The goods, which included sunglasses, watches, shoes and clothing, were estimated to be valued at R120 million. In operations conducted in the first week of July this year, officials seized hundreds of thousands of counterfeit goods at buildings in the Johannesburg CBD. These included razor blades, children’s toys, clothing, shoes and personal hygiene products. Similar operations have taken place in November and now in December.
Difficult to convict fraudsters
Yeates explains the difficulties of convicting trademark fraudsters: “One potential drawback to the South African legal framework, particularly insofar as it relates to trade mark infringement and counterfeit goods, is that it does not provide a cost-effective and practical basis on which to claim damages against counterfeiters.”
According to Yeates, to be awarded damages in South Africa the Plaintiff has to prove its loss, which is often impossible in the counterfeiting scenario. Counterfeiters hardly ever keep accurate financial records and more often than not operate under false names and aliases.
It is for this very reason that African countries, including South Africa, are such easy targets for counterfeiters. “While the South African Criminal Procedure Act does make provision for compensation to be awarded to parties who have suffered damage to, or loss of, property resulting from offences, such compensation can only be applied for once a conviction is obtained. Even then, the trade mark proprietor has to prove the value of his loss – a virtually impossible task in the circumstances,” says Yeates.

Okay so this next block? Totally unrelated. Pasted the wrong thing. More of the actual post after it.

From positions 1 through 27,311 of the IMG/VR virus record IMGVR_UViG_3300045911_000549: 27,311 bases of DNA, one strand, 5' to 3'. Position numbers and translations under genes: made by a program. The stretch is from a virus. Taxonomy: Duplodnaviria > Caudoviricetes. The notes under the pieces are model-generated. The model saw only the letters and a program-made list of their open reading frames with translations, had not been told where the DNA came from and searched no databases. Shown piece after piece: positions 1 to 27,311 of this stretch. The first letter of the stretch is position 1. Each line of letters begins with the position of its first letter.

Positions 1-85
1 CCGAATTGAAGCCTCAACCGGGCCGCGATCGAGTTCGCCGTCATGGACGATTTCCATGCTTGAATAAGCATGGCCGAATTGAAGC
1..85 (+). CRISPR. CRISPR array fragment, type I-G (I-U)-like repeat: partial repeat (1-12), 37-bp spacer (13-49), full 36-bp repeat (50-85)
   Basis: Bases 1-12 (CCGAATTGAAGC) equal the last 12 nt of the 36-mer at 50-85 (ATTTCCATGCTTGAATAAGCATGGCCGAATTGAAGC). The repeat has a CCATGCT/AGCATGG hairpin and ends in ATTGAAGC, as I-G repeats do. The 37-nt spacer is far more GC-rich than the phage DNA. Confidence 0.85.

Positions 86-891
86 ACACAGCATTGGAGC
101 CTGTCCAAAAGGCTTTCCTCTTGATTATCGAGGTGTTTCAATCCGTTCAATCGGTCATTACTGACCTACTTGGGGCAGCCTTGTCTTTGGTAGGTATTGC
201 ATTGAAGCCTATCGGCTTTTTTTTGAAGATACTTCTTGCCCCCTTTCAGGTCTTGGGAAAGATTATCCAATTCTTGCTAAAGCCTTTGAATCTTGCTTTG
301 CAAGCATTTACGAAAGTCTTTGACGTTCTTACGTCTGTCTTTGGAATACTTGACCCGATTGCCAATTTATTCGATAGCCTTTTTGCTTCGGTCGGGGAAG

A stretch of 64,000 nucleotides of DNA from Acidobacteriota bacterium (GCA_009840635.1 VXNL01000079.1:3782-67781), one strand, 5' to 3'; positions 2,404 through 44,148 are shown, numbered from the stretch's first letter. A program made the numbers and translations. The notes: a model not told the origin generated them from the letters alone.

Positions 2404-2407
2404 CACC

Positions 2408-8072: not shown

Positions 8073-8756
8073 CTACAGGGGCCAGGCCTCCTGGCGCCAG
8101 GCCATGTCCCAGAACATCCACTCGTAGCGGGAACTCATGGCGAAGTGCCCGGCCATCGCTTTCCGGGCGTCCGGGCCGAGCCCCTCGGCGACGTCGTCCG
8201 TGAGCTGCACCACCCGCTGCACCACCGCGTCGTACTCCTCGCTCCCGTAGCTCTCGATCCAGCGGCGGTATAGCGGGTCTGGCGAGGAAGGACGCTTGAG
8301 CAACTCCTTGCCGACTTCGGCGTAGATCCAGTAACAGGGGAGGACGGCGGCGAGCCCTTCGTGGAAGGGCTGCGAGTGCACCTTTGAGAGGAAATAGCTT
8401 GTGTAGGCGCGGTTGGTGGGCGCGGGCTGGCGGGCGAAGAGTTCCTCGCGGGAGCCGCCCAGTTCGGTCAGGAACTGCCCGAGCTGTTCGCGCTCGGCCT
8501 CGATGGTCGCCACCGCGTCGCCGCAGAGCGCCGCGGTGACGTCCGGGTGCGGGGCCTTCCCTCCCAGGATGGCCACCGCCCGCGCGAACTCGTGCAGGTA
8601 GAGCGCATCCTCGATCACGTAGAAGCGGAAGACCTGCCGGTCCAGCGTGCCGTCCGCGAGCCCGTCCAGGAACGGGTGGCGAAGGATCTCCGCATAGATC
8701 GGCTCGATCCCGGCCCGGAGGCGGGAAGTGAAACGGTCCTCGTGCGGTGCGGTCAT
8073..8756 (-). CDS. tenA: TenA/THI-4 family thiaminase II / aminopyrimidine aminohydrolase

Protecting your rights
The obvious question is thus what companies can do in South Africa to best protect their rights (as much as possible within the current legal framework). First and foremost Yeates says it is imperative that companies register their trade marks. Once a company’s trade marks are registered, the next step is to arrange for recordal of its trade marks with Customs.
Customs keeps a central database of all qualifying trade marks (i.e. registered or well known trade marks), and copyright which can be accessed by its officials on the ground. Customs officials use this database to determine whether certain trade marks are protected and, if so, who to contact in order to have samples of suspected counterfeit goods examined and checked.
“Once goods are seized by customs the proprietor of the relevant trade mark will have the option of taking either criminal or civil action, or both, against the importer, manufacturer or seller of the goods. While such action will not lead to massive damages being awarded to the trade mark proprietor, the actions will, if successful, lead to the destruction of the goods and, hopefully, the imprisonment of the counterfeiter.
“While massive damages claims against the manufacturers, importers and sellers of counterfeit goods are not yet on the horizon, local companies should protect their trade marks (and their businesses), by making use of the tools at their disposal. Failure to do so will result in our markets being overrun with counterfeit products, a scenario no developing country can afford,” concludes Yeates.